Haiti's tiny upper class, the 1 percent of the population that hogs half the nation's income, is referred to by American diplomats in Port-au-Prince as "MREs," short for "morally repugnant elites."
The term derives from the lighter-skinned MRE's contempt toward the darker majority whose average annual income is $125 - when there is work.The rich's scorn also extends to the Rev. Jean-Bertrand Aristide, a dark-skinned Roman Catholic priest who was overwhelmingly elected president in 1990 by largely illiterate poor voters.
Aristide frightened the MREs with his talk about redistribution of wealth. And he infuriated them by saying they should pay taxes, which the aristocracy had neglected to do since independence from France in 1804.
The wealthy financed the bloody military coup in September 1991 that ousted Aristide.
When the United Nations clamped an embargo on Haiti to force Aristide's return, about 100,000 industrial jobs vanished, but the MREs prospered. With bribes to the military, they monopolized the import of non-embargoed goods: food, medicine, cook-ing oil, propane gas.
And now that President Clinton has landed 20,000 troops in Haiti to restore Aristide to office and implant democracy, who stands to benefit? You got it. The MREs.
First, the U.S. forces protect their physical safety. The Americans will not let the masses storm out of Port-au-Prince's fetid slums and wreak vengeance on their oppressors in their villas in the lush Petionville suburb.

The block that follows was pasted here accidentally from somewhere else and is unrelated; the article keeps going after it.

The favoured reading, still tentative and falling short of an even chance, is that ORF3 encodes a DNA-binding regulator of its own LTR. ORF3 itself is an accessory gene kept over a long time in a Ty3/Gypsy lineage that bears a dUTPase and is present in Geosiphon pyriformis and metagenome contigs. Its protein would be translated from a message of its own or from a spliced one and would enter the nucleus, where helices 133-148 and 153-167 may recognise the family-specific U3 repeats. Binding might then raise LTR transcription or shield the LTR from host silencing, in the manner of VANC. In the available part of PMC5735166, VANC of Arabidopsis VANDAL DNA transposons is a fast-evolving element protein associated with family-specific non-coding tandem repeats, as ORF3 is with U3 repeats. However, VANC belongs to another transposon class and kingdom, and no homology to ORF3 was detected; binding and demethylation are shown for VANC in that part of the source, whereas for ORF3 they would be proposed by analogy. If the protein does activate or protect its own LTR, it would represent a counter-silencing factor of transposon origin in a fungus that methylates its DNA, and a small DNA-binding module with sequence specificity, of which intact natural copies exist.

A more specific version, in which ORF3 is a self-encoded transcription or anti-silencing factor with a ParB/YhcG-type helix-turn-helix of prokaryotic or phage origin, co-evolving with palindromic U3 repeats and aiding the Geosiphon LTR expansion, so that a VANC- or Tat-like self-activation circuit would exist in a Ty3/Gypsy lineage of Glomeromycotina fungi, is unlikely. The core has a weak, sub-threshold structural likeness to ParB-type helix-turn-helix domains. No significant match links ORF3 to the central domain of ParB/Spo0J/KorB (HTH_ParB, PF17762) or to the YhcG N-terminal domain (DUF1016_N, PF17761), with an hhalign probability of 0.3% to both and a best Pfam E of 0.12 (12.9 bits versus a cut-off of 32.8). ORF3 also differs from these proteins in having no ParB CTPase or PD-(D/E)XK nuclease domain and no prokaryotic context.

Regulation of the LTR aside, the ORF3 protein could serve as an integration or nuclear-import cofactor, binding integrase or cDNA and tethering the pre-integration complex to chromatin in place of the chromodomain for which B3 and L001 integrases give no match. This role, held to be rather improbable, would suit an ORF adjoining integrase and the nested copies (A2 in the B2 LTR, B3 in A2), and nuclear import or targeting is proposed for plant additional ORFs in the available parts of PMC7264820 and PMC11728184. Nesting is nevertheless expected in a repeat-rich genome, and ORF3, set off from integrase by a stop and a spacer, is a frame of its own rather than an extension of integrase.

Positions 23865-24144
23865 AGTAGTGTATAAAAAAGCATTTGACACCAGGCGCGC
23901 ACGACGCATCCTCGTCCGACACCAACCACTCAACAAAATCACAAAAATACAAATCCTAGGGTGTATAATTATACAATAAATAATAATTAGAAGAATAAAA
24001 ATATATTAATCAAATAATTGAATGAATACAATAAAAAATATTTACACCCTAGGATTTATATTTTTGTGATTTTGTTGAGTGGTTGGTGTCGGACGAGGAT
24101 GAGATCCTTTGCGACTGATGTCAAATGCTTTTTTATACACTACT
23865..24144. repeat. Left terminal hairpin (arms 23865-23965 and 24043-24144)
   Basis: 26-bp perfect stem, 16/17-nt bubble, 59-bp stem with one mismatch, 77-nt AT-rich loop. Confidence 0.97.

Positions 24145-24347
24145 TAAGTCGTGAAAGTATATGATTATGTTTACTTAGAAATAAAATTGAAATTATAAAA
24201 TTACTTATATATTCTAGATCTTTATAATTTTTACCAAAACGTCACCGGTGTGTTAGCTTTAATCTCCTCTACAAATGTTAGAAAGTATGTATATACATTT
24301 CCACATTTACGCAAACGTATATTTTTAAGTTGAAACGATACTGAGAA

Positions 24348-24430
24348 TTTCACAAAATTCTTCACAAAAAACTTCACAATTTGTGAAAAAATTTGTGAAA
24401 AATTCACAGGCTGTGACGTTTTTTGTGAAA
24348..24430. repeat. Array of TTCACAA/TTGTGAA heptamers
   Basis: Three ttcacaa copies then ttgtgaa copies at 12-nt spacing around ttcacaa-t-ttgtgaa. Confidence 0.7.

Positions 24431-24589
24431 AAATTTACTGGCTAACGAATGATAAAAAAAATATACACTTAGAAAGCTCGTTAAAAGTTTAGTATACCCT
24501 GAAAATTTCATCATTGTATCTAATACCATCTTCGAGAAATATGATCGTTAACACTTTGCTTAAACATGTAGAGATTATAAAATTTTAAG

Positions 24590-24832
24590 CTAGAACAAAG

Second, there's money to be made from the Americans, and the rich Haitians know how to do it. They own most of the nation's land and facilities, which they are offering to rent to the occupiers.
The super-rich Mevs family, for instance, has the industrial park near the airport on which U.S. soldiers are bivouacked and their vehicles are stored. It also posseses a private port that the United States will use to bring in fuel.
Clinton plans to pave Haiti's miserable roads. The Mevs family owns the cement company. Another pro-coup family, the Brandts, manages wheat and rice imports that U.S. aid will pay for.
A businessman who knows and deals with the feudal families who control Haiti and treat the poor like animals had this to say:
"The question is not whether they will make money, because they will. The question is, have they learned any lessons? Do they now understand the need to pay taxes, the need for everyone to respond to the same justice, the need for a level playing field economically? Have they learned that at least we have to come into the 20th century, even while our neighbors are heading into the 21st century?"
The businessman's tone suggests that the answers to all his questions are "no."